At a time when the federal government is collecting and creating massive amounts of digital data that can implicate people’s privacy and free speech rights, it is crucial that the public know what the government is doing with that information. A ruling from a federal appellate court earlier this month ensures that the Freedom of Information Act, one of the most important legal tools citizens and reporters have for furthering government transparency, allows the public to understand the government’s use of digital data.
The ruling by the U.S. Court of Appeals for the Ninth Circuit came in a case brought by the Center for Investigative Reporting against the Bureau of Alcohol, Tobacco, Firearms and Explosives (ATF) seeking aggregate data about the number of weapons used in crimes that could be traced back to being originally purchased by law enforcement. The district court below ruled that ATF did not have to produce the data because the search query of the agency’s data would have amounted to creating a new record, something that FOIA prohibits.
The lower court’s ruling was dangerous because it had the potential to broadly restrict FOIA requesters from obtaining digital data based largely on a misunderstanding of how digital data is stored and what occurs when people query databases. EFF filed a friend-of-the-court brief to point out how the initial decision could “frustrate access to vast amounts of government digital data in which the public has a legitimate interest.” EFF’s brief argued further that the ruling was out of touch with the reality that the government is “collecting and centralizing extensive swaths of personally identifying data on members of the public, including extremely sensitive information like biometrics and expressive activity on social media.”
Another friend-of-the-court brief written by Harvard Law School’s Cyberlaw Clinic on behalf of data journalists and media organizations pointedly described how database queries that produce aggregate records in no way resemble creating a new physical or digital record. Instead, because a query is simply an instruction to the database “to select a specific subset of information from a database and return it in a particular arrangement,” the result is not a new record but rather just a representation of responsive data in the underlying database.
The Ninth Circuit recognized the broader concerns at issue in this case, writing, “as CIR and amici recognize, whether a search query of an existing database entails the creation of a ‘new record’ is a question of great importance in the digital age.”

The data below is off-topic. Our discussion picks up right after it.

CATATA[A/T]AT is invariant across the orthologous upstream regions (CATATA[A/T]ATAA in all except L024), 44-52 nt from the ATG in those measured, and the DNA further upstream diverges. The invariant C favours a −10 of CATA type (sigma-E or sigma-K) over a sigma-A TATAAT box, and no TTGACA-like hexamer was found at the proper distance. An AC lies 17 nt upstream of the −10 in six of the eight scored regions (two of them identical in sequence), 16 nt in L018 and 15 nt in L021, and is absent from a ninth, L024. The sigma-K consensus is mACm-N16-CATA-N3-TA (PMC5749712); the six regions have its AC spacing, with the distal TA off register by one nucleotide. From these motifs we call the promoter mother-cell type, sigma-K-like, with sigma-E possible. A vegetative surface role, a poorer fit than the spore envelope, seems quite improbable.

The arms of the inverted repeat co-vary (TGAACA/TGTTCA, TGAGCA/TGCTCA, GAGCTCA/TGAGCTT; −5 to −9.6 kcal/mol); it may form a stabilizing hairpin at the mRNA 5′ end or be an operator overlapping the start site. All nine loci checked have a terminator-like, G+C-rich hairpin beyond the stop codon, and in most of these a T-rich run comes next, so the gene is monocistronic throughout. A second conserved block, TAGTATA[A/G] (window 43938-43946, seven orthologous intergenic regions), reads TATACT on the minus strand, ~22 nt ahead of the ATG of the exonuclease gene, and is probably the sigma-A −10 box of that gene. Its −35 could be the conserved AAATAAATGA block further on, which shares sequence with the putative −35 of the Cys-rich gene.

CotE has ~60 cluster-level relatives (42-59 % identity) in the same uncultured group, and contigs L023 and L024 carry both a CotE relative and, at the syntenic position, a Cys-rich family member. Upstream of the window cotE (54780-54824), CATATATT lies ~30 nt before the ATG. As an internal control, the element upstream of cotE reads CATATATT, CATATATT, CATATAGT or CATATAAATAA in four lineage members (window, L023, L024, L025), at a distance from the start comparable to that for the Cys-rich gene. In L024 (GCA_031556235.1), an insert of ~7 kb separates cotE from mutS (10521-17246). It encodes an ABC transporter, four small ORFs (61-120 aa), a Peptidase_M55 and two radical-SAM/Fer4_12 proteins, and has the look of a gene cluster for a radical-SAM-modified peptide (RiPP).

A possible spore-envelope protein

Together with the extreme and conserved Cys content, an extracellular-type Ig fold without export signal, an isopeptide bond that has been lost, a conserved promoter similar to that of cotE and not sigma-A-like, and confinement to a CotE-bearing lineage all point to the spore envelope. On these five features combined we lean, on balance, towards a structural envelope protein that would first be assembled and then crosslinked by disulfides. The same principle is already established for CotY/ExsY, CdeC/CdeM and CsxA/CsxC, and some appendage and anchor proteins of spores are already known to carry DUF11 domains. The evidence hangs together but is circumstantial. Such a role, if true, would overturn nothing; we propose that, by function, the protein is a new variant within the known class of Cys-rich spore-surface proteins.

The Ninth Circuit’s opinion quotes EFF and the Cyberlaw clinic’s briefs throughout. For example, the court quotes EFF’s argument that FOIA requests seeking access to aggregate data are essential to balance the public’s interest in understanding how the government uses biometric and other personal data it collects without disclosing the underlying data that is often private or otherwise intrusive. The court wrote:
“Moreover, as in this case, ‘[r]eleasing statistical aggregate data from government Databases’ may sometimes prove the ‘only way to comply with FOIA’s mandate while properly balancing the public’s and the government’s interests in safeguarding sensitive information.’”
In rejecting the district court’s interpretation of FOIA, the Ninth Circuit concluded that “if running a search across these databases necessarily amounts to the creation of a new record, much government information will become forever inaccessible under FOIA, a result plainly contrary to Congress’s purpose in enacting FOIA.”
We are grateful that the Ninth Circuit understood both the underlying technology at issue and the stakes of this case. By recognizing that FOIA allows requesters to seek aggregate data from federal agencies, the court ensured that the transparency law remains an important tool for people to learn about government use and abuse of the data it collects.